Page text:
When Counting Sheep No Longer Works

More than half of Americans lose sleep because of work-related stress

By Dana Wilkie May 1, 2015
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You wake at 3 a.m.,rearrange your pillow, shift your position, try to fall back asleep—but instead think about the unanswered work e-mails, the overdue assignment, the temperamental boss—until dawn breaks and it’s time to stop thinking about work … so you can get to work.

If you’re like more than half of Americans, this happens quite a lot. And that means that you’re probably not as alert, accurate, decisive, energetic, speedy, even-tempered, professional or productive as if you’d had a good night’s sleep.

Eighty-five percent of U.S. workers say they lose sleep because of work-related stress, according to a March 2015 poll of 714 employees conducted by Lee Hecht Harrison, a global talent consultancy. The poll consisted of just one question: “Is work-related stress negatively impacting your sleep?” More than half of respondents—54 percent—reported that this happens to them “almost always” or “frequently.”

“Stress triggers will change over time,” said Jim Greenway, executive vice president at Lee Hecht Harrison. “No one stressed over late night e-mails during the Great Depression. Today, the perception is that jobs are more stressful, there is more uncertainty and demands are greater.”

More clear than the reasons why work is keeping people up at night is what happens to them when they don’t get enough sleep.

“Loss of sleep can lead to a downward spiral in performance at work—lost productivity, impaired decision-making, illness, frayed nerves, mistakes, absenteeism, and frustration,” Greenway said. “The cost to employers and employees in real dollars is steep, from lost revenue to lost income.”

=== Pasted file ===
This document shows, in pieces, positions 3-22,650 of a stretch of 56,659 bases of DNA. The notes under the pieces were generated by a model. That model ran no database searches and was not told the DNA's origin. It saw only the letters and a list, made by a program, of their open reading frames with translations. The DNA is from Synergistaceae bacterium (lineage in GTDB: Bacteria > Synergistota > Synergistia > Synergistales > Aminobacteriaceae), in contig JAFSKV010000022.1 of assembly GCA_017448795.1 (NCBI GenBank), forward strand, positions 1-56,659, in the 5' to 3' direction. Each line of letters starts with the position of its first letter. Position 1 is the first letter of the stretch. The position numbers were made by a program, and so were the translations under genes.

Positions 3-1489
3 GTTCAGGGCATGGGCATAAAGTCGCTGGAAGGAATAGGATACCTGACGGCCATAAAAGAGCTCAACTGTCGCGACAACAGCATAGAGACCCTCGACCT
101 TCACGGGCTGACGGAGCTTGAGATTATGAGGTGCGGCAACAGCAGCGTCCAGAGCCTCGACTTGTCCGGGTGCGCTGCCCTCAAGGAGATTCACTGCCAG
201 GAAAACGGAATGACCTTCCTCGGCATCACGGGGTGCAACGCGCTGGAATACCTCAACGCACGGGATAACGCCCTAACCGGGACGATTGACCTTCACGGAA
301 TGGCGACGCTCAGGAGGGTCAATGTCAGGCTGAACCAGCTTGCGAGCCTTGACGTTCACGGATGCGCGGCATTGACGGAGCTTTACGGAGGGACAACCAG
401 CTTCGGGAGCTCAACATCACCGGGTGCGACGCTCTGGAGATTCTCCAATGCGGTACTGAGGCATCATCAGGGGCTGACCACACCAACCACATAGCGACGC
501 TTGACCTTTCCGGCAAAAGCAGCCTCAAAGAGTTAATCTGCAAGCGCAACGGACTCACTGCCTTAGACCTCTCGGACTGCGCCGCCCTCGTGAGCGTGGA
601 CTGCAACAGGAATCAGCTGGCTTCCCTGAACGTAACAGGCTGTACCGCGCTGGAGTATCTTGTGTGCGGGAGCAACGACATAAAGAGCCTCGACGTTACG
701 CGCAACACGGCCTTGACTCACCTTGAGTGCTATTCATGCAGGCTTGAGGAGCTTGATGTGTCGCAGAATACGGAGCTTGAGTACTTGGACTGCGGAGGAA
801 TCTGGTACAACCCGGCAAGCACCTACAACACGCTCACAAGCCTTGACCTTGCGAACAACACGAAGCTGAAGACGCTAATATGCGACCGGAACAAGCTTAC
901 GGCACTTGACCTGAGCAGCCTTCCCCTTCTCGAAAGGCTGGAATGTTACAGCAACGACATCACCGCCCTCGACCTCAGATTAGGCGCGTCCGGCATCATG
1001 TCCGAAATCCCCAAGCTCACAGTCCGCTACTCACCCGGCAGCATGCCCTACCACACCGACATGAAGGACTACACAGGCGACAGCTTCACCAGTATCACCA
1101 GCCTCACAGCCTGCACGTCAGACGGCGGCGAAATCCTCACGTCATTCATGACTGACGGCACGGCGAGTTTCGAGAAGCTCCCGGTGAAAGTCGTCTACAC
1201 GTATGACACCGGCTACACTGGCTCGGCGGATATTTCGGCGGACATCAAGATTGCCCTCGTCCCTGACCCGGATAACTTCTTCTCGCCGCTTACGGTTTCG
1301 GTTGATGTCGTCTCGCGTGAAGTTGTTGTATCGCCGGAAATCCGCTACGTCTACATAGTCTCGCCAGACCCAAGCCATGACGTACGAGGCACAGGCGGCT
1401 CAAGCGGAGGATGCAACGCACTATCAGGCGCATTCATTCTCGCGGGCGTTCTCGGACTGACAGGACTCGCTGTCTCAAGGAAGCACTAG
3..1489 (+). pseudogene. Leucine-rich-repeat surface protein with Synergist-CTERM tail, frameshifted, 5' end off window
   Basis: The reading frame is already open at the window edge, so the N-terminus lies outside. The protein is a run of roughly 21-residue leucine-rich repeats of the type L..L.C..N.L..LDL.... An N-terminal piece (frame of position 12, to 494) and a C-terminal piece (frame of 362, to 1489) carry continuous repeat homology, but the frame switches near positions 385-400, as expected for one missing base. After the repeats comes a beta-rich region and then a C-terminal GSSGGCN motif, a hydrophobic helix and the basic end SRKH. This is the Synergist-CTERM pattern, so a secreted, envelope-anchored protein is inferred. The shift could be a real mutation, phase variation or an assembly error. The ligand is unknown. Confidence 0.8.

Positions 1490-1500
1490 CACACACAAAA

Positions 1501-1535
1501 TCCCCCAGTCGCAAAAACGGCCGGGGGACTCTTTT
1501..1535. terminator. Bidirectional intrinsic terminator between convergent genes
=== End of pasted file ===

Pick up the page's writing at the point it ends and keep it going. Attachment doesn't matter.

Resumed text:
Time to ‘Decompress’

Companies can actually do something about employees who lose sleep because of work-related stress, Greenway said. He suggested addressing the issue by encouraging workers to:

  • Be aware that they’re under stress and to identify obstacles or frustrations that are impacting their day-to-day focus and productivity.
  • Set goals to incorporate new behaviors that will allow them to have realistic expectations and avoid feeling overwhelmed.
  • For example, Greenway advised, managers should explain, “If you are working on a high-profile project and feel overwhelmed by the demands, you may find yourself looking for ways to procrastinate. If you are aware of the stressor and the behavior it’s driving, you can avoid the tendency to procrastinate by setting realistic expectations, saying ‘no’ to other requests, delegating more, taking breaks to keep a fresh perspective, asking for help and eliminating distractions.”
  • Set boundaries on work e-mail exchanges and phone calls—discouraging work after hours, for instance.
  • Schedule regular breaks, with electronic reminders, to encourage them to get away from their work for a quick walk, or to read a book.
  • “The important thing,” Greenway said, “is to make sure employees have adequate time to decompress—and that it is supported by managers—so they are healthy, energized and at the top of their game.”

Managing Change

Change in a workplace is a common source of stress, Greenway said. For example, during a merger, workers may discover that their job descriptions have changed, and they may feel like fish out of water.

“It’s necessary for them to realize that things are no longer what they were or how they used to be,” he said. “An employee may feel insecure or disoriented. A positive step to reduce stress is for an employee to speak with his or her manager and discuss the effect of the change on his or her role, explore options and choices available as a result of the change, and assess what new skills or competencies would be needed.”

Companies can provide training to those in leadership roles that will give them the skills to support employees who feel stressed. These skills may include the ability to communicate the organization’s vision, to build trust, to lead conversations around identifying and removing obstacles, and to set clear expectations.

Dana Wilkie is an online editor/manager for SHRM

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